Carl Jr.—nicknamed C.J.—and Sarah had three children, Steven, Shelby and Lori. Steven had worked for the resort until recently, when he’d left to fulfill his lifelong dream and train as a firefighter. Lori had quit college and eloped with a musician early in the summer, to the shock of her entire family. Of those siblings, only Shelby, a C.P.A. and business manager for the resort, was still fully committed to the family business, along with her new husband, Aaron Walker, who’d taken on Steven’s responsibilities helping Bryan keep up the grounds and supervise part-time seasonal workers hired to assist them.

      Bryan and Linda’s two daughters, Hannah and Maggie, still worked for the resort, though Hannah, who handled marketing, now telecommuted from the home in Dallas she shared with her husband, Aaron Walker’s twin brother, Andrew, and their baby daughter. From what Garrett had deduced, Maggie was in charge of hiring and supervising the housekeeping staff for the cabins and the sixteen-unit motel on the grounds.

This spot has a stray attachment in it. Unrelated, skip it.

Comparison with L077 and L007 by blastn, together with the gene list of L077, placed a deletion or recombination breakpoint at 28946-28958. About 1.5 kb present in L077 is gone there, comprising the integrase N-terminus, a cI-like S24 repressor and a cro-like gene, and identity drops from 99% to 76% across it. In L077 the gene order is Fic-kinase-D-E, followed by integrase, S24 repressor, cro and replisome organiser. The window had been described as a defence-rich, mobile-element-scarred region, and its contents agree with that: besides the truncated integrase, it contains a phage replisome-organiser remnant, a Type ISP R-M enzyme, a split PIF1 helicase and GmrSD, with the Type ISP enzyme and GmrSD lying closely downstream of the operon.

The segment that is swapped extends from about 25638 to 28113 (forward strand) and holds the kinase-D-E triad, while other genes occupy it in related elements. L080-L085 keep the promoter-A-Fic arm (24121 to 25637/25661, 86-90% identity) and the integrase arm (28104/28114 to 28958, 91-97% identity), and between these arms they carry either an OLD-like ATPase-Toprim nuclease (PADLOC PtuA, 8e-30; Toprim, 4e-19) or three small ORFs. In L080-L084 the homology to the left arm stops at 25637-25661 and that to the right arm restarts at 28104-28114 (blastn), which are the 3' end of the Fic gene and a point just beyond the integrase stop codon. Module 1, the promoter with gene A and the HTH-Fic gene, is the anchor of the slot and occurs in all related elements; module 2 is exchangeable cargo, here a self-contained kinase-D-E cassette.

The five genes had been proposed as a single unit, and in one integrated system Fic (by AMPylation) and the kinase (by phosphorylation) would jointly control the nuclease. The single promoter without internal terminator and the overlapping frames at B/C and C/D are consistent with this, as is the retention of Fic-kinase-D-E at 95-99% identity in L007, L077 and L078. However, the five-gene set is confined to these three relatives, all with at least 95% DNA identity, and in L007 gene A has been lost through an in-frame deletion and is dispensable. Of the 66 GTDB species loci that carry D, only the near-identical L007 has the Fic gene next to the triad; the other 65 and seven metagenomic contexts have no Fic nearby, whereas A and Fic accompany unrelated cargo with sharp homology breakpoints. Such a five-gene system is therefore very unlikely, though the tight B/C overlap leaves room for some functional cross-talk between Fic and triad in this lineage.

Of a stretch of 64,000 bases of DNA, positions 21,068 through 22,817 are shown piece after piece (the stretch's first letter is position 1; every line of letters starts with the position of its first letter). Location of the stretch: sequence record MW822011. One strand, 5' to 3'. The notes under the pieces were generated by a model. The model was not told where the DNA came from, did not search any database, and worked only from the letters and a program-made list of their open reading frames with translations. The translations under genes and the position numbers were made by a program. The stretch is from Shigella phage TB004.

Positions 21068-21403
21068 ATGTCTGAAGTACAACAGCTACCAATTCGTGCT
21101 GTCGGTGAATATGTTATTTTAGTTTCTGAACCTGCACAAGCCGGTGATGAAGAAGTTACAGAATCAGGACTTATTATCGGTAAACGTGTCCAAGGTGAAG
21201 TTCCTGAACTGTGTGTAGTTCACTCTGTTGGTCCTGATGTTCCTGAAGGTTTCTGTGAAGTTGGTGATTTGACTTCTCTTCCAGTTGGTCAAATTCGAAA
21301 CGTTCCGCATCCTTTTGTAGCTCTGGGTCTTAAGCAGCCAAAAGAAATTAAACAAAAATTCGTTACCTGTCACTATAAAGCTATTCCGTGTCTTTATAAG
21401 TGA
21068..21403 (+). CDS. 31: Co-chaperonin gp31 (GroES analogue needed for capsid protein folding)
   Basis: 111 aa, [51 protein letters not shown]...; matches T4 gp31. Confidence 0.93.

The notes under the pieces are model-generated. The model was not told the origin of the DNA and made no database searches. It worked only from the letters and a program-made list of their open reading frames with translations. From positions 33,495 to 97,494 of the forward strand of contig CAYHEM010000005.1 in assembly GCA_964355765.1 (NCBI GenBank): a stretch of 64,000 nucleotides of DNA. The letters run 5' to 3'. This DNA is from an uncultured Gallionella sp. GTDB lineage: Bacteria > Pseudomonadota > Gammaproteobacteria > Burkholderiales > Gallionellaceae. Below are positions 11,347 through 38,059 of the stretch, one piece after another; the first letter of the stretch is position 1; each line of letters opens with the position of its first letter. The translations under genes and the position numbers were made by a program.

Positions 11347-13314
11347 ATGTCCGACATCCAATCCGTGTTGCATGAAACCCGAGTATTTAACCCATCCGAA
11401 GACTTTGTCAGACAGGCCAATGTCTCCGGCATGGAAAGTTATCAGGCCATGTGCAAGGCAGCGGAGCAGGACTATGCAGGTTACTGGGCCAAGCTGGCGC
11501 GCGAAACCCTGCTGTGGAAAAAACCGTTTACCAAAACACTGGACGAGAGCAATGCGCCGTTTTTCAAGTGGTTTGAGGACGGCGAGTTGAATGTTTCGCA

It was all very efficient, as far as he could tell. The family seemed to get along quite well, considering they lived and worked in such close quarters—Lori’s rebellion notwithstanding. Yet he wondered if Maggie ever felt the urge to try her hand at a different career, like Steven, or take off on a reckless adventure, like Lori. No one understood better than he the constraints of family obligation, even when those shackles were donned willingly.

      “Be sure and let us know if there’s anything at all you need during your stay with us,” Maggie said, every inch the gracious hostess.

      She tossed back a lock of hair that a playful breeze swept into her face and Garrett felt his chest tighten. She really was attractive. He’d bet her thick, shoulder-length, gold-streaked brown hair felt as soft as it looked. Not to mention her silky, peach-dusted skin….

      He cleared his throat. Hard. He’d neglected his social life badly during the past year, since he’d left the Air Force and become responsible for his girls. He really should find time to date again—though that would involve actually meeting someone he wanted to go out with. Present company excluded, of course.

      She pulled a card from her pocket and extended it to him. “This is my cell phone number if you need to contact me. I’m not aware of any maintenance issues with your cabin, but if you have any problems, just give me a call and I’ll send someone immediately.”

      Their fingers brushed when he accepted the card. He blamed static in the air for the resulting ripple of awareness, though there hadn’t actually been a shock.

      “Thanks,” he said, drawing his hand away to tuck the card in his back jeans pocket.